Lifelong Austin resident Jessica LaShawn was walking with two of her teenage students by her home near North and Central avenues on a recent Saturday when they heard the sound of gun fire.
She was terrified; the teens with her reacted differently.
“The kids were just like, ‘Oh, they shooting,’ and just kept on their Instagram and kept walking,” LaShawn said.
“They are used to this,” she told a panel of West Side elected officials and police officers who turned out for a meeting earlier this month to discuss gun violence.
More than 100 people attended the meeting held at the Northwest Austin Council’s office at 5730 W. Division St.
LaShawn – who founded the Austin-based Mogul Academy, which provides financial education to West Side teens and young adults – said gun violence has “increased tremendously” over the past decade in her community.
“We’ve had more shootings than we ever had before,” she said in an interview later.
She’s worried about young people in Austin who have to live in a community with so many shootings and face being “constantly labelled as at risk from a young age.”
From Jan. 1 to Oct. 5, 382 shootings have been recorded, leaving 66 dead and 315 wounded, according to data released by Cook County Commissioner Richard Boykin’s office.
That’s far more shootings than in Englewood, the Chicago community area most impacted by gun violence after Austin; in Englewood, 43 people have died, and 168 have been wounded.
Citywide, there have been 538 homicides and about 2,900 shootings. That’s an average of 60 people killed per month.
“The reason why we gather tonight is because gun violence has been a major issue in this community and throughout the city of Chicago for way too long,” Boykin said.
“We will help to clean up this neighborhood and make this neighborhood safer,” he said, adding he’s been working with other West Side elected officials, law enforcement and local gun violence prevention organizations to reduce shootings.
As national debate over gun ownership has intensified in the wake of the Las Vegas shooting, guns flowing from neighboring states into Illinois, Chicago and eventually the West Side, have become a “public health problem,” said state Rep. Camille Lilly.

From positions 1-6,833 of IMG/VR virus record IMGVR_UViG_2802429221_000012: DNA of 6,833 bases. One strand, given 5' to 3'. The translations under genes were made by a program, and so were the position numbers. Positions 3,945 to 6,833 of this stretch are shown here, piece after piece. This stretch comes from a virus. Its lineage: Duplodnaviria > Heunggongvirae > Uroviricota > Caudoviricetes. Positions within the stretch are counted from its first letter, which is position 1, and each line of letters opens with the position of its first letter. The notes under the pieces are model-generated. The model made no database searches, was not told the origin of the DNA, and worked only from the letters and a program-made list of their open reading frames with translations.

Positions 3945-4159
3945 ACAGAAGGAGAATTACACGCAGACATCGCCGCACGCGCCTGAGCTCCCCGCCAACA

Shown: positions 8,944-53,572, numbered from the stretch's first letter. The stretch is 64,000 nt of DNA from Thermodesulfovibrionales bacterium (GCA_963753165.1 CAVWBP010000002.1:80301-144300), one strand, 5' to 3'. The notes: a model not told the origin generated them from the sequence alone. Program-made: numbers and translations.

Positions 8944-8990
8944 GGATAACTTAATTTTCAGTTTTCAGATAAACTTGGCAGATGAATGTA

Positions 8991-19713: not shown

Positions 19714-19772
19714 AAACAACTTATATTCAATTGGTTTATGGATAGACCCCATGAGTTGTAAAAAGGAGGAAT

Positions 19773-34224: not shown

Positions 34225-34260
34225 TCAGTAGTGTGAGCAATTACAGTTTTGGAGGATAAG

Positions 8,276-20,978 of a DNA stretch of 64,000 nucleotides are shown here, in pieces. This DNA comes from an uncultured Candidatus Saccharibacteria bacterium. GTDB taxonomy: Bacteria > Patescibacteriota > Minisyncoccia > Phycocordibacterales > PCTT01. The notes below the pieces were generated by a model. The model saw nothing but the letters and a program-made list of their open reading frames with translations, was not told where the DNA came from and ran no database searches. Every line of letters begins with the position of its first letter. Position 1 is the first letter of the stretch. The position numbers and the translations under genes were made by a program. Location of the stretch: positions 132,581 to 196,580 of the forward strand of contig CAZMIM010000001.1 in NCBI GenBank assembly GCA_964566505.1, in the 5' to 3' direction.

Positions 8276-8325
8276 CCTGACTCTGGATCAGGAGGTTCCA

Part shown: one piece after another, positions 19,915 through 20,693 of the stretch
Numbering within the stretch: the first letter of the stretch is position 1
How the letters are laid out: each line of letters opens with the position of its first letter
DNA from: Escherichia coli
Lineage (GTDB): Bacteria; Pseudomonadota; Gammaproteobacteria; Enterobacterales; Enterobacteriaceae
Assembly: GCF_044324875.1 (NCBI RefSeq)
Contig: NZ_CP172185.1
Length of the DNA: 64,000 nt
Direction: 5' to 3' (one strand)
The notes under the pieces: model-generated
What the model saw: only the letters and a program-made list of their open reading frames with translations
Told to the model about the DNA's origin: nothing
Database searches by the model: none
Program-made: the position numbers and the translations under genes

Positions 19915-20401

“Many of the laws that we are dealing with related to guns are causing stress and issues with the citizens,” Lilly said.
The Illinois Legislative Black Caucus is pushing for legislation that would make the restrictions on guns more stringent, Lilly said.
That includes bills that would require chips be inserted into guns and serial numbers put on ammunition, which would make weapons easier to trace if they were used to commit a crime after being transported across state borders.
“The illegal trafficking of guns into Illinois is a problem,” she said. “All of these efforts will allow us to know who purchase the gun and where the gun was purchased from.”
The legislation, along with stronger background checks and pre-ownership procedures, faces opposition at both the federal and state levels, Lilly said.
“It’s not popular legislation, and it’s going to be difficult,” she said.
She called on community members to become more organized – just as organized as the National Rifle Association.
The only way to really counter those against gun control is for people to use their voting power, said U.S. Congressman Danny K. Davis. “The problem needs to be solved by all of us together.”
Meanwhile, West Side officers say they are enhancing collaboration at the city and county levels – and upgrading technology.
Earlier this year, the 15th District launched its so-called strategic deployment center, where officers can receive signals from street monitors that detect gunshots and react more quickly, District Commander Dwayne Betts said.
The district has seen fatal shootings drop by 20 percent, Betts said, but they’re still too many shootings.
The community needs to get more involved when it comes to solving crimes in the neighborhoods, said Marlon Parks, deputy chief of patrol for the Cook County Sheriff’s Department.
“A lot of times the community knows so much more information than we could ever get,” said Parks, who’s been working with the local police officers in Austin the last four months as part of a county initiative to send resources to areas needing more law enforcement assistance.
Representatives from violence prevention groups that work in Austin stressed the importance of having more programs for the youths and shared what they’ve been doing to reduce shootings on the West Side.
While there’s been some progress, some cast doubts about whether the approach elected officials in Austin are taking to address shootings has been effective.
Bertha Purnell, whose 28-year-old son Maurice Purnell was shot to death on Laramie and Division in late June, said she’s still waiting for the case to be solved.
“I need justice for my son,” she said. “We need some prevention for these other children.”